Austin Dillon Driving the No.3 in Sprint Cup Series is Wrong Move for NASCAR

by Ryan Isley

One of the top stories heading into the 2014 NASCAR Sprint Cup Series will be as easy as one, two, THREE. Yes, Three. As in the No.3. The one last driven in the series by the iconic Dale Earnhardt.

It was officially unveiled on Wednesday that Austin Dillon – grandson of Richard Childress Racing owner Richard Childress – would drive the No.3 in the Sprint Cup Series in 2014, his first season in the sport’s highest division.

Dillon was the 2011 Camping World Truck champion and the 2013 NASCAR Nationwide Series champion, running in the No.3 in both series. The 23-year-old will be taking over the full-time spot in RCR’s Sprint Cup stable that was left open when Kevin Harvick left to join Stewart-Haas Racing starting in 2014.

The timing of everything must have seemed like the perfect storm for Childress to finally bring the No.3 back into the NASCAR Sprint Cup Series.

Harvick was the driver who took over for Earnhardt following Earnhardt’s death in the 2001 Daytona 500 and had been with RCR ever since. With him leaving, there weren’t any connections remaining between RCR and Earnhardt. With Dillon already using the No.3 in the two other series, the next logical step for Childress was to re-introduce the number at the highest level.

Add in the marketing and advertising money that stands to be made with the No.3 and all of the extra memorabilia sales that will also come because of it, and the financial side of the decision seems like a no-brainer for not only Childress, but for NASCAR as well.

And while all of that might be true, I still am not in favor of the move.

One of the issues I have with the decision is that the paint schemes for both of Dillon’s cars have a resemblance of the old No.3 from the days of Earnhardt. While the Dow car has a black and white paint job that makes the No.3 integration look natural, the Cheerios car went out of the way to use the old school No.3.

The second issue is that Austin Dillon hasn’t earned that number. While Dillon has won two championships in the last three years at lower levels, he has just 13 starts in the Sprint Cup Series in the last three seasons, with a best finish of 11th at Michigan this past season. He is getting the number because his grandfather runs the team.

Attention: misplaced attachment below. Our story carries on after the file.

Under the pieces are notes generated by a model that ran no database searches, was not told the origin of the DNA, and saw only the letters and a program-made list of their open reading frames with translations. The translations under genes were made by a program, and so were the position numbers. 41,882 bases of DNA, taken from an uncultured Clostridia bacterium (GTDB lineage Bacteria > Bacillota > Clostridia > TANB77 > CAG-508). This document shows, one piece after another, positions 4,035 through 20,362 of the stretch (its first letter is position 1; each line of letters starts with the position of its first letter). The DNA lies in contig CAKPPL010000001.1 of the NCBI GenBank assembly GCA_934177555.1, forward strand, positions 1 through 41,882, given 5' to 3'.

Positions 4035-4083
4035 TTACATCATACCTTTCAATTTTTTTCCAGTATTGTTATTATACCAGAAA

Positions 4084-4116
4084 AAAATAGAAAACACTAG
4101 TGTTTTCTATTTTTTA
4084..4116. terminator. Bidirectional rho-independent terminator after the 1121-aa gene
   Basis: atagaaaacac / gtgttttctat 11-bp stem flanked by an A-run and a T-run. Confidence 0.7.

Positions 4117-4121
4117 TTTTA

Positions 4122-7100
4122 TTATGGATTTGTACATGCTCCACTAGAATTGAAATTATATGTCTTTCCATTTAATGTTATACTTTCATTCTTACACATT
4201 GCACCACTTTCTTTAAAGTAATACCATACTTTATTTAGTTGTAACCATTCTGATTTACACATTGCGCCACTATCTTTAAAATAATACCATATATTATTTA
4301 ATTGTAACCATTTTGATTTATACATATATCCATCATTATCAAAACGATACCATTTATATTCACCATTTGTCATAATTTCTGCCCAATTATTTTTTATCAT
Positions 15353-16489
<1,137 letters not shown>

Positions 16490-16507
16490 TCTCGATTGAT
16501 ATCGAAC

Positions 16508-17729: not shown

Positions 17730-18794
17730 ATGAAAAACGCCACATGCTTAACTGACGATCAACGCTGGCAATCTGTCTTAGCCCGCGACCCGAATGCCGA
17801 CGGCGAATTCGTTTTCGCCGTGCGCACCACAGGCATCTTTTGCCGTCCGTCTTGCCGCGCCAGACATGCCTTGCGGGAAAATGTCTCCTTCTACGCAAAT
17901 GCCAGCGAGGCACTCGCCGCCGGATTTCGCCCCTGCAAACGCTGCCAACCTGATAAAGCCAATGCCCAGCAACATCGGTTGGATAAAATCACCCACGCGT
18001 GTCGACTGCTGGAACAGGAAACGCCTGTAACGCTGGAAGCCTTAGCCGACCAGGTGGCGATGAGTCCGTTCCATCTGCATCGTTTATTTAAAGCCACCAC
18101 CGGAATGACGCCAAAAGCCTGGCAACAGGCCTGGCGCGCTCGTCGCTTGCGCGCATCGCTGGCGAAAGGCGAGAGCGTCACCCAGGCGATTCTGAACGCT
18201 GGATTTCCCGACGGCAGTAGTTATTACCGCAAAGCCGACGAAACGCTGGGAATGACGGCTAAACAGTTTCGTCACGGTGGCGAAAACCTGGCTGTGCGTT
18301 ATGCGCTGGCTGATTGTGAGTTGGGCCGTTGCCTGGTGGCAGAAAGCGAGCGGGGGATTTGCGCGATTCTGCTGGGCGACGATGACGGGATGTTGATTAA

There are already drivers who believe that Dillon is entitled and a spoiled brat, and this will do nothing to quell those feelings. If anything, this just might fan the flames a little more.

But the third – and biggest – issue I have with Austin Dillon driving the No.3 is exactly that – it is the No.3.

There are certain numbers in sports that are linked to the greatest in their sports – not only the names, but their nicknames as well. For example: in hockey, No.99 is Wayne Gretzky (The Great One), in football, No.34 is Walter Payton (Sweetness), in baseball, No.3 is Babe Ruth (The Bambino) and basketball of course has No.23 Michael Jordan (Air Jordan).

In NASCAR, there are two that stand above all others: No.43 Richard Petty (The King) and No.3 Dale Earnhardt (The Intimidator). Of course, NASCAR is one of those rare “individual” sports where there are actually numbers assigned. Golf and tennis are also individual sports, but players are known by names, not numbers.

While Earnhardt raced in cars other than the No.3, it was that No.3 which he made famous. It is one of the most – if not the most – recognized cars in the history of the sport. When you see a black No.3 car, it takes approximately 0.0000003 seconds to think of Dale Earnhardt.

Earnhardt was undoubtedly the most popular driver throughout his career, even as his career was winding down. In fact, it is hard to imagine that he would have raced too many more seasons after 2001. But even then, anything with the No.3 on it would have sold, despite Earnhardt not racing.

Unlike other sports, NASCAR does not retire numbers. Drivers move on to other teams or retire, and that number remains in possession of the race team, who pays for the rights to that number.

While the No.43 has still been used after Petty retired, it was used mostly under the control of the man who made it famous, as he owned the race team which owned the number. With Earnhardt, the number has been owned by Childress, who until now had not brought it back to the track.

If there was ever a time for NASCAR to step in and retire a number, this would be that time.

What makes this a special circumstance is the way in which the number left the sport in 2001. Earnhardt never got the chance to retire. His family didn’t have the opportunity to take the number. The number left the sport in an instant, when Earnhardt hit the wall in the final lap on that fateful day in Daytona.

The number should have been put out of commission at that time, and Childress should have been refunded the retainer money he had to pay for it. Instead, NASCAR kept allowing Childress to pay for the number and keep it in his back pocket until Austin Dillon was ready to make the leap.

Dale Earnhardt is a legend in the sport. And the No.3 is a legendary number because of him. It should have stayed that way.

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